the model with one predictor less is not just worse, but

_significantly_ worse, but it's not really an effect size.

value as an effect size. It's used as a significance test for whether

the model with one predictor less is not just worse, but

_significantly_ worse, but it's not really an effect size.

Nov 3, 2016, 12:55:52 PM11/3/16

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stefan, you are right again (of course ;)).

i thought that the chi square value could serve as an effect size measure as its value should correlate with explained variance when comparing the models with the anova call. however, this would probably conflate significance and effect size as you pointed out. i just checked field et al. (2012: 640) - they calculate r to quantify effect size in linear mixed-effects models.

besti thought that the chi square value could serve as an effect size measure as its value should correlate with explained variance when comparing the models with the anova call. however, this would probably conflate significance and effect size as you pointed out. i just checked field et al. (2012: 640) - they calculate r to quantify effect size in linear mixed-effects models.

=====================================

Dr. Martin SchweinbergerNov 3, 2016, 1:00:42 PM11/3/16

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> stefan, you are right again (of course ;)).

lol, I wish I was as confident about my 'expertise' :-)
> i thought that the chi square value could serve as an effect size measure as its value should correlate with explained variance when comparing the models with the anova call. however, this would probably conflate significance and

> effect size as you pointed out.

the LRT-values are different even though the correlations are the

same. So, yes, better not use the chi-squared/LRT-value for that.

> i just checked field et al. (2012: 640) - they calculate r to quantify effect size in linear mixed-effects models.

Nov 3, 2016, 1:42:28 PM11/3/16

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its section 14.7. and thanks for running the simulation (the proof is in the pudding!)

=====================================

Dr. Martin SchweinbergerNov 3, 2016, 1:45:18 PM11/3/16

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Oh, ok, I was looking in Ch. 19 for something specific to MEM - thanks!

Nov 3, 2016, 2:01:43 PM11/3/16

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Ok, one word of caution re that: Section 14.7 refers back to Section

10.7, which then provides a function rcontrast to compute the effect

size Martin mention. Two caveats, however:

1) Note that the book says "An alternative is to compute effect sizes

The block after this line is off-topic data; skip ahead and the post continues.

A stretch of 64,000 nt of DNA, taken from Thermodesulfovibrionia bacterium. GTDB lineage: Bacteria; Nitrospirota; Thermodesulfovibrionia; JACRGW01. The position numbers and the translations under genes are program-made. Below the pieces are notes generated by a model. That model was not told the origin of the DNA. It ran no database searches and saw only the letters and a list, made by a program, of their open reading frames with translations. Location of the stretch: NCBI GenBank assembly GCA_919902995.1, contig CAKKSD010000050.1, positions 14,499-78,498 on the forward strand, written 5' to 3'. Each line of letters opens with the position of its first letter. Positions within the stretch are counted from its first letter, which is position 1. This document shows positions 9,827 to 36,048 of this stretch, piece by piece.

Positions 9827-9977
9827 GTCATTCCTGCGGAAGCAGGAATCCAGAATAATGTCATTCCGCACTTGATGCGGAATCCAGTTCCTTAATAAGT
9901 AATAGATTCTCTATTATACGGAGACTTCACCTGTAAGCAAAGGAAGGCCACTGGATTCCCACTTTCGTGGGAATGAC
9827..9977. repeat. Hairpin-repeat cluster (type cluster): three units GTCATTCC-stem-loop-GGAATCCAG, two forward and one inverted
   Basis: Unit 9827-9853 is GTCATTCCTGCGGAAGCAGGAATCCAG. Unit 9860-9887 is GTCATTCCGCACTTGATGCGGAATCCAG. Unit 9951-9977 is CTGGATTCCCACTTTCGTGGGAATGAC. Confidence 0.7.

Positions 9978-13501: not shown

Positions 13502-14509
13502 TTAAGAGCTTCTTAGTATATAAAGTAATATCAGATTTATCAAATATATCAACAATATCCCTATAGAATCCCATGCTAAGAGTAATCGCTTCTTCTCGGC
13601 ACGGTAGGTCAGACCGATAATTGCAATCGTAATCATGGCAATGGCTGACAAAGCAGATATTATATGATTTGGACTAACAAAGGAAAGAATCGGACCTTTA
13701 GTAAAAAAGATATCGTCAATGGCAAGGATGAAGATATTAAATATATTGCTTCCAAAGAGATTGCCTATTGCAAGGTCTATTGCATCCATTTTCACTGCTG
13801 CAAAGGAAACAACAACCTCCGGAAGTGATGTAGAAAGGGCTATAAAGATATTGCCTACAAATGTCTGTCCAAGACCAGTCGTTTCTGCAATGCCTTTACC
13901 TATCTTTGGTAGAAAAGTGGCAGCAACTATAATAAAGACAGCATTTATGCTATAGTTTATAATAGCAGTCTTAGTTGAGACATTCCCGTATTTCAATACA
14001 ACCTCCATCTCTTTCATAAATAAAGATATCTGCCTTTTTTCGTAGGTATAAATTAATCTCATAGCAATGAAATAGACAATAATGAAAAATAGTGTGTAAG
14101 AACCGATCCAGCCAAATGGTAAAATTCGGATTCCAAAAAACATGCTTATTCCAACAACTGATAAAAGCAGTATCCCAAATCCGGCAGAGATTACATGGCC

*for the orthogonal contrasts*. We can use the same equation as in

section 9.5.2.8:

r_contrast = sqrt { t^2 over {t^2+df} }

So, I don't know if you can use this measure if your contrasts are not

orthogonal, which the default treatment contrasts of R that, it seems

to me, most ppl are using, are *not*. I don't know whether that has a

bearing not only on the p-values or also on the effect size(s) here.

2) One of the bigger points of discussion for mixed-effects models is

precisely the df issue and the question of how to compute them (e.g.,

which approximation to use or whether to proceed differently) so I

don't know whether the approximations some packages offer provide

df-values that work with the above formula.

So, I know I'm just problematizing here and not offering much in terms

of solutions for those who insist on standardized effect sizes, and

I'm not saying whether rcontrast is right here or not - all I'm saying

is to be careful and check with someone who knows more about this

(than I do).

Cheers,

STG

10.7, which then provides a function rcontrast to compute the effect

size Martin mention. Two caveats, however:

1) Note that the book says "An alternative is to compute effect sizes

*for the orthogonal contrasts*. We can use the same equation as in

section 9.5.2.8:

r_contrast = sqrt { t^2 over {t^2+df} }

So, I don't know if you can use this measure if your contrasts are not

orthogonal, which the default treatment contrasts of R that, it seems

to me, most ppl are using, are *not*. I don't know whether that has a

bearing not only on the p-values or also on the effect size(s) here.

2) One of the bigger points of discussion for mixed-effects models is

precisely the df issue and the question of how to compute them (e.g.,

which approximation to use or whether to proceed differently) so I

don't know whether the approximations some packages offer provide

df-values that work with the above formula.

So, I know I'm just problematizing here and not offering much in terms

of solutions for those who insist on standardized effect sizes, and

I'm not saying whether rcontrast is right here or not - all I'm saying

is to be careful and check with someone who knows more about this

(than I do).

Cheers,

STG

Nov 3, 2016, 2:39:35 PM11/3/16

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The coefficients (called "Estimates" in the output of lme4::lmer) of continuous variables that are on different scales cannot be compared in order to ascertain effect size, right?

An example:

In my dataset, contextual frequency ranges between 0.0 and 1.0 and lme4::lmer returns a coefficient ("Estimate") of -0.86. Lexical frequency logged ranges between 0.6 and 3.1 and has a coefficient of -0.01. Because the scales are different I cannot directly compare the coefficients in order to determine effect size, right?

If not, how might I determine which variable has a larger effect size?

What about comparing the coefficient of a continuous variable with the coefficient of a categorical variable? What about the coefficient of interaction terms/variables?

Nov 3, 2016, 3:22:47 PM11/3/16

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> The coefficients (called "Estimates" in the output of lme4::lmer) of continuous variables that are on different scales cannot be compared in order to ascertain effect size, right?

Not unless you z-standardize them, no, same in your example - after
z-standardization, you can.

> If not, how might I determine which variable has a larger effect size?

models. If a reviewer was inappropriately intransigent, I might make

up something like change in AIC or r-squared per predictor, with the

biggest caveat footnote ever saying that I have no idea whether one

can do that. (So cite me for this only if it passes muster ;-))